Where the film excels is in its visual interpretation. There are several terrific set pieces. One is a dizzying scene of Larn being pursued through the treetops by the Subhumans; another is a dazzling pan through an ice cavern as the pterodactyls swoop in for the attack. There's also an astonishing POV shot as we ride along with Larn on a pterodactyl that's just barely under control. The swooping pans make one suspect that they were closely studied by Peter Jackson for the similar camera moves in his Lord of the Rings films. Also memorable is a short sequence where Teegra runs afoul of the witch who later reappears in skeletal form. Iconic moments from Frazetta paintings, such as Death Dealer and Neanderthals are also incorporated seamlessly. While the story is no great shakes, the visuals are done with such a flourish that it's hard to dislike the film.
Rating for Style: A-
Rating for Substance: B-
|Aspect Ratio||1.85:1 - Widescreen|
|Original Aspect Ratio||yes|
Image Transfer Review: The film is presented in an attractive anamorphic widescreen, with vivid colors and nice linework. Unfortunately, someone in the transfer process decided to gild the lily by slapping on some thoroughly unnecessary edge enhancement that causes visible ringing throughout. The print has some speckling, possibly due to problems with the original animation cels. They're not distracting, however, and the edge enhancement is the only serious defect.
Image Transfer Grade: B-
Audio Transfer Review: DTS 6.1 and Dolby 5.1 EX tracks are provided. The audio is not switchable on the fly so doing an A/B is quite difficult, but I didn't note any serious differences between the two. The original stereo mix is also thoughtfully provided. All sound quite nice, with only nominal hiss that is noticeable in very quiet sections. There's nothing to complain about here. William Kraft's bombastic score sounds very good though somewhat lacking in deep bass.
Audio Transfer Grade: A-
Disc ExtrasStatic menu with music
Scene Access with 24 cues and remote access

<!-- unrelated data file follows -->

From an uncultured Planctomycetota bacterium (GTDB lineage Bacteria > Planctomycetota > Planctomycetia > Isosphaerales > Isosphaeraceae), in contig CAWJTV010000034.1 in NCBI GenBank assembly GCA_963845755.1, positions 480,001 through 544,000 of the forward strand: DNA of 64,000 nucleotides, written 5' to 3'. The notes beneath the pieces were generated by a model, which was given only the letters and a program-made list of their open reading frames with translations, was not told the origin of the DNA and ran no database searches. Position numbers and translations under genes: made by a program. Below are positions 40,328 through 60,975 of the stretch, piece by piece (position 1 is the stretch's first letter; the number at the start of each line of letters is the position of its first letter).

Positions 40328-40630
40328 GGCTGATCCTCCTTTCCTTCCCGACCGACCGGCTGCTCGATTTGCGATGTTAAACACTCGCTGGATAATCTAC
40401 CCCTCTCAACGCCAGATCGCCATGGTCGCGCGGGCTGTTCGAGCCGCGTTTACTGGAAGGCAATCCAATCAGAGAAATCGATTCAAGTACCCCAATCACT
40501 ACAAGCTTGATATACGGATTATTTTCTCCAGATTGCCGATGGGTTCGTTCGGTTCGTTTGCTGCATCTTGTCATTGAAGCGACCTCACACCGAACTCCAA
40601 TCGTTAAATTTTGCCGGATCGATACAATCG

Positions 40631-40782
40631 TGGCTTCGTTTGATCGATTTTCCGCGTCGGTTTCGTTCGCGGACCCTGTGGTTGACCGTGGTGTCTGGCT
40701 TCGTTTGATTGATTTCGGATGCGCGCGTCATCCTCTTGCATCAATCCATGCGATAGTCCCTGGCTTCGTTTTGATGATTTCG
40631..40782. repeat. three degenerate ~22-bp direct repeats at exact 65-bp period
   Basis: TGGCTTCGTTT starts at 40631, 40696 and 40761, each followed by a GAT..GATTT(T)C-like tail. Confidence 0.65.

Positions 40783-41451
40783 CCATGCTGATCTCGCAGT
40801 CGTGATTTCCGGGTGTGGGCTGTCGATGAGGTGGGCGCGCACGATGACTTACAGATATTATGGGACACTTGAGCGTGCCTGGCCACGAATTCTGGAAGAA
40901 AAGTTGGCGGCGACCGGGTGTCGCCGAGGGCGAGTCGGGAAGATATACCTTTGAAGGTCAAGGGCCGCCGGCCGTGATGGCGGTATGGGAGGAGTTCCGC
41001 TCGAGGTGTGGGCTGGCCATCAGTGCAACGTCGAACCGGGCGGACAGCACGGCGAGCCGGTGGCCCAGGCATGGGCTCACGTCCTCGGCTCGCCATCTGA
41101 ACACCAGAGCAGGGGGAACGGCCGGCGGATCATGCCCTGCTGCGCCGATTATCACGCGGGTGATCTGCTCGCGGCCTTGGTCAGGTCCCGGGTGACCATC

Subtitles/Captions in English, French, Spanish with remote access
1 Original Trailer(s)
1 Feature/Episode commentary by director Ralph Bakshi
Packaging: Gladiator style 2-pack
Layers Switch: 00h:53m:15s
- Behind the scenes still gallery
But that's just Disc 1. The second disc is devoted to the full-length documentary, Frazetta: Painting with Fire. Through interviews with the artist himself, as well as other artists and Bakshi, we get a pretty good look at the man's career and art, though even more about the man himself. I've read print interviews with Frazetta where he comes off as an insufferable jerk, but the presentation here is much more sympathetic, thanks to a focus on his affection for his children and grandchildren. There's plenty of good information here, including his struggles to overcome a misdiagnosed thyroid condition and taking up painting with the left hand after a series of strokes caused him to no longer be able to use the right. Tons of his paintings and drawings are presented here, with a few snippets of him actually painting. The director and producer of the documentary also provide a full-length commentary, filling in some blanks and adding other tidbits, such as the fact that when the artist does a watercolor, he uses Mickey Mouse paints since he likes the bright colors. It's well worth watching for any fan of Frazetta's art.
Extras Grade: A
Final CommentsA weak story but a visually fascinating fantasy that has long been unavailable in any form, in a reasonably good transfer with too much edge enhancement. Tons of valuable extras are here for the fan.
Mark Zimmer 2005-08-29